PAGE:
We take the time to get to know our customers: what they’re looking for and what they’re hoping to achieve. This means we’re in a great position to give honest, transparent advice.
Is that true even when you may not stock what your customers are looking for?
[Tom] Absolutely! Sometimes, that advice might be that we don’t currently have something we think is right for them – so we will go and find it. We have a vast network of artisans, suppliers and manufacturers we can call on when we’re looking for something in particular for a customer.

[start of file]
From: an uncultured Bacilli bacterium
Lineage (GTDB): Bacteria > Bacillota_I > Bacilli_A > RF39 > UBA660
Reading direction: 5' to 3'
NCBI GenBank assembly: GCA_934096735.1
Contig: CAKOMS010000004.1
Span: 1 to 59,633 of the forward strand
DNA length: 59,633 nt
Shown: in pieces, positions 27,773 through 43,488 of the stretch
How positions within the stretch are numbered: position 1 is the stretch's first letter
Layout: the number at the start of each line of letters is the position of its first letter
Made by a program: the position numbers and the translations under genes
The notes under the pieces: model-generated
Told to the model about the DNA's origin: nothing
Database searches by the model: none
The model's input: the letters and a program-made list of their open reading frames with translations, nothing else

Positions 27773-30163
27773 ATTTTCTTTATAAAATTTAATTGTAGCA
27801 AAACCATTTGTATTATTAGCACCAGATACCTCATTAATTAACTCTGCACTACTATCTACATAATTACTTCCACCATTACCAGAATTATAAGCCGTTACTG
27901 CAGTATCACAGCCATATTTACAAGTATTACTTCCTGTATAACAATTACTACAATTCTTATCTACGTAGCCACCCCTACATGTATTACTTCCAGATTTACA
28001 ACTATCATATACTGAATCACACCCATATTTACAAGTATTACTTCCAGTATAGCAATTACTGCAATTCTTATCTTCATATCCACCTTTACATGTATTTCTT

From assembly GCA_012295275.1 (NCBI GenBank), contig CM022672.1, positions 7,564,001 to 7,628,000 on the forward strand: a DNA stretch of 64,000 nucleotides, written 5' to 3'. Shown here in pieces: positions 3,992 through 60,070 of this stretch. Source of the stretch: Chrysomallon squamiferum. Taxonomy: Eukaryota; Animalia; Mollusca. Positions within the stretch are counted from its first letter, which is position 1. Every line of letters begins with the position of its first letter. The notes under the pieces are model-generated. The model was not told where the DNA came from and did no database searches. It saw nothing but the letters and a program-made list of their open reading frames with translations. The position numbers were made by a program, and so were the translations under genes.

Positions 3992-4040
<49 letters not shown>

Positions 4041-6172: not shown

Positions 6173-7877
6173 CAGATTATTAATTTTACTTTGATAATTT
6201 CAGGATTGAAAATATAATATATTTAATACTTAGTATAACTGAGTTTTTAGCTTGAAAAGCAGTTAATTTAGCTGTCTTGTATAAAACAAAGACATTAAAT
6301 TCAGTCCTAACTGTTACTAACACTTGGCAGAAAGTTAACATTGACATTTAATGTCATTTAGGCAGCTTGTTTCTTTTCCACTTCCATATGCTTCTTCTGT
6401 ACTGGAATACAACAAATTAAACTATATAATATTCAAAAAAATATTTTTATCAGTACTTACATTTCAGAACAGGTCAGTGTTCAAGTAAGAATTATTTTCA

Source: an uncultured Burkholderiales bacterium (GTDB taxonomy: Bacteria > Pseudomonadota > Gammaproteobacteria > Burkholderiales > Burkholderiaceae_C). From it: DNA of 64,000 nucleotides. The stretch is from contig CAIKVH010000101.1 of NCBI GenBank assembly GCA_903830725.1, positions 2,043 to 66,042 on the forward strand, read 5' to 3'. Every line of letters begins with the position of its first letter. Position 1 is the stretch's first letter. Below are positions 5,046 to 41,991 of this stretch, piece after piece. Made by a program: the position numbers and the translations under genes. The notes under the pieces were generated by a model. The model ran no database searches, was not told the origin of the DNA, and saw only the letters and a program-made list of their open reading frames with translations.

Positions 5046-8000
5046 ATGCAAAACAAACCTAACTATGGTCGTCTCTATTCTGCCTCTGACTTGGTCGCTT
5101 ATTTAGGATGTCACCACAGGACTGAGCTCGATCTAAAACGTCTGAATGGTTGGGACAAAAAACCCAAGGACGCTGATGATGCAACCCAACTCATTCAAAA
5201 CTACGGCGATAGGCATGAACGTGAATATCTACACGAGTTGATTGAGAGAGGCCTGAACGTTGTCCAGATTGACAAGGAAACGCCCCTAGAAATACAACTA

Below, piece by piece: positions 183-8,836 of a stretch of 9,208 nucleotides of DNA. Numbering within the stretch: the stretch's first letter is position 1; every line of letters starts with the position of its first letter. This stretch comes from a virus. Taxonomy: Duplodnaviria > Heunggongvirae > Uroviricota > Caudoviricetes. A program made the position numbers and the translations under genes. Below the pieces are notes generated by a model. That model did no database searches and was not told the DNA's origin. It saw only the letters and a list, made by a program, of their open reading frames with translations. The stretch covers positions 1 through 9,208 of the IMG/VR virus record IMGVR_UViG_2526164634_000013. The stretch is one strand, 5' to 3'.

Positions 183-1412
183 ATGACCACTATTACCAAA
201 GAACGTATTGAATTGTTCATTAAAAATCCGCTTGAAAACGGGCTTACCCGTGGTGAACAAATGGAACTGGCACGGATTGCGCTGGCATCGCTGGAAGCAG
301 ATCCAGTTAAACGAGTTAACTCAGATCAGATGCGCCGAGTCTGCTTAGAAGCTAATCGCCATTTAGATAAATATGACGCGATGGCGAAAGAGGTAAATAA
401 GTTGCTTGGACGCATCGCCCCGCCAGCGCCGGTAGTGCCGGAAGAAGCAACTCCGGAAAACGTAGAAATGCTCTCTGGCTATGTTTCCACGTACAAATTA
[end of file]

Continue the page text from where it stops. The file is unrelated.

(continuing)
Many of the items on our website can also be customised to suit, whether that’s changing a finish or colour, or adjusting dimensions. We had a customer recently who loved one of our media units but was very limited on space. So, we worked with her and the manufacturer to design a bespoke piece in the same style that suited her requirements perfectly.
What do you see as being some of the biggest interiors trends for 2022?
[Sarah] Colour, colour and more colour! We’re seeing people moving away from the safe greys and whites and bringing more personality back into the home with bold colours and patterns. The maximalist trend will continue to grow as more people catch the bug; it starts with one piece, but soon spirals into homes full of personality and character. We love it!